Friday, 22 July 2011

Lucian Freud leaves British art in his debt

I saw Lucian Freud at the National Gallery’s Titian show in 2003. I was among journalists and other favoured guests at a preview which the painter, who died at the age of 88 on Wednesday, also seized the chance of an early view of the blockbuster exhibition.
Freud looked frail then; but I was delighted to see his shoes were paint-splattered.
I recall too a sense of disloyalty. Freud was the first modern artist with which the young GC had felt any rapport – it took many years before I began to ‘get’ Picasso.
Freud’s style was instantly recognisable and, being figurative, intelligible, and while the opposite of erotic the female nude was a focus of attention, an enthusiasm GC shared.
But I had been disappointed by the Freud retrospective at Tate Britain a year earlier.
It seemed to me that once settling on his subject matter and how to best depict the harsh, but not unsympathetic observation of all too vulnerable human flesh – further development as an artist had ceased.
Freud had his thematic equivalent of Water Lilies. But while Monet could paint the same scene and make each painting different, Freud would use different models and make them seem the same.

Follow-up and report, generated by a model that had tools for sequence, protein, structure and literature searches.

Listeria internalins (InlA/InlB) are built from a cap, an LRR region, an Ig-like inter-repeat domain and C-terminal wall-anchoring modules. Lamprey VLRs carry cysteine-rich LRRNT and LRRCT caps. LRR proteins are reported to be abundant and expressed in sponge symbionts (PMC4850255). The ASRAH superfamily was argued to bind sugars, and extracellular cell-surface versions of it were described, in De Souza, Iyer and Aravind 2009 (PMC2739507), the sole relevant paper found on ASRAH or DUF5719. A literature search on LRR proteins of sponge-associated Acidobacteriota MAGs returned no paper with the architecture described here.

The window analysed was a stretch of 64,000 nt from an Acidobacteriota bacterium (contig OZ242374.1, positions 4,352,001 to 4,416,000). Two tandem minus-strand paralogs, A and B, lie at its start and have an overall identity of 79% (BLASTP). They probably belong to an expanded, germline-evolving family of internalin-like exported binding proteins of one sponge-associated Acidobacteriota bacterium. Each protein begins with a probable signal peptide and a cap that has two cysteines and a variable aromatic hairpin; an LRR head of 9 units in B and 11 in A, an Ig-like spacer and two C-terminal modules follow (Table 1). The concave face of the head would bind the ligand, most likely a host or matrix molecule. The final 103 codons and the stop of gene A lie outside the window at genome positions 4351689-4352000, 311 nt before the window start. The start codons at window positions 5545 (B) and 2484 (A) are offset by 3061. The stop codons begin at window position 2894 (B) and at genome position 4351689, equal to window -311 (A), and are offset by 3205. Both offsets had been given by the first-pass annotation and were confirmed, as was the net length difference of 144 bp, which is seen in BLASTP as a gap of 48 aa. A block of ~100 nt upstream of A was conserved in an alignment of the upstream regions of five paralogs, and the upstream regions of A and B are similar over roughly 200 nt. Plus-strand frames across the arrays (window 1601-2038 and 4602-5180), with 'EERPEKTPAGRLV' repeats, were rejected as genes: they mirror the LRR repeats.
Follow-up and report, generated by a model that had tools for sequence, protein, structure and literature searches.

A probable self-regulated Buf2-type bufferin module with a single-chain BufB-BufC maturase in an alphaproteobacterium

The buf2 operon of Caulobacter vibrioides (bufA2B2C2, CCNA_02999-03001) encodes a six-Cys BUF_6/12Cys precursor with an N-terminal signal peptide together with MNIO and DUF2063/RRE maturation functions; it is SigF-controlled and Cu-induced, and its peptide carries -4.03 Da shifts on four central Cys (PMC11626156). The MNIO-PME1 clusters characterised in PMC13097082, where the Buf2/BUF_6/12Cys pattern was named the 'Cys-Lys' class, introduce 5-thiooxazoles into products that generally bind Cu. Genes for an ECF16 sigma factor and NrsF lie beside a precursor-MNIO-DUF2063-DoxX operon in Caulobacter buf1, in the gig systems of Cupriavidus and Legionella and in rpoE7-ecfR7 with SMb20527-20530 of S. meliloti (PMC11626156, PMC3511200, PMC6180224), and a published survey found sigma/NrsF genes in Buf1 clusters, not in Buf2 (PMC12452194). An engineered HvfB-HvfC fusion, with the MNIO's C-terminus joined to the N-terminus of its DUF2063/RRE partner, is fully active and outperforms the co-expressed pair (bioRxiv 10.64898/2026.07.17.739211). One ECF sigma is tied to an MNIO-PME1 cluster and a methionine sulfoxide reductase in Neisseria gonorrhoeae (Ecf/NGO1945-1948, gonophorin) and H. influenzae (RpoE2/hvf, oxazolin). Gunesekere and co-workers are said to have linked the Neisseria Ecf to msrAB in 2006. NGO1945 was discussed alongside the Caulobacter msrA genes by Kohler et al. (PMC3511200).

This was deliberate. Freud preferred to be studio-bound and paint those he knew. It’s just that seeing so many of his paintings together at the retrospective, it was as though once having abandoned surrealism, Freud had no middle years. I was bored by the end of the show.
Here is William Grimes’s excellent obituary in the New York Times, which makes clear the painter’s debt to Francis Bacon in the way Freud changed how he handled paint. Of the two men the epithet 'genius' sits more comfortably on Bacon’s shoulders.
Freud deserves respect. He didn’t court celebrity nor heed shifts in vogues in art, which might explain why America was slow to recognise his talent. He deserves respect too that by pursuing his vision, he helped keep figurative art alive in Britain.
In an age where artists command assembly lines staffed by assistants and where conceptual outpourings are a substitute for skill and hard graft, Freud should bring hope to young artists prepared to swim against the tide.
That said I wish Freud had re-painted the Queen’s chin. Her five o’clock shadow detracts from what would have been among the most striking royal portraits of all time.

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What do you think? GC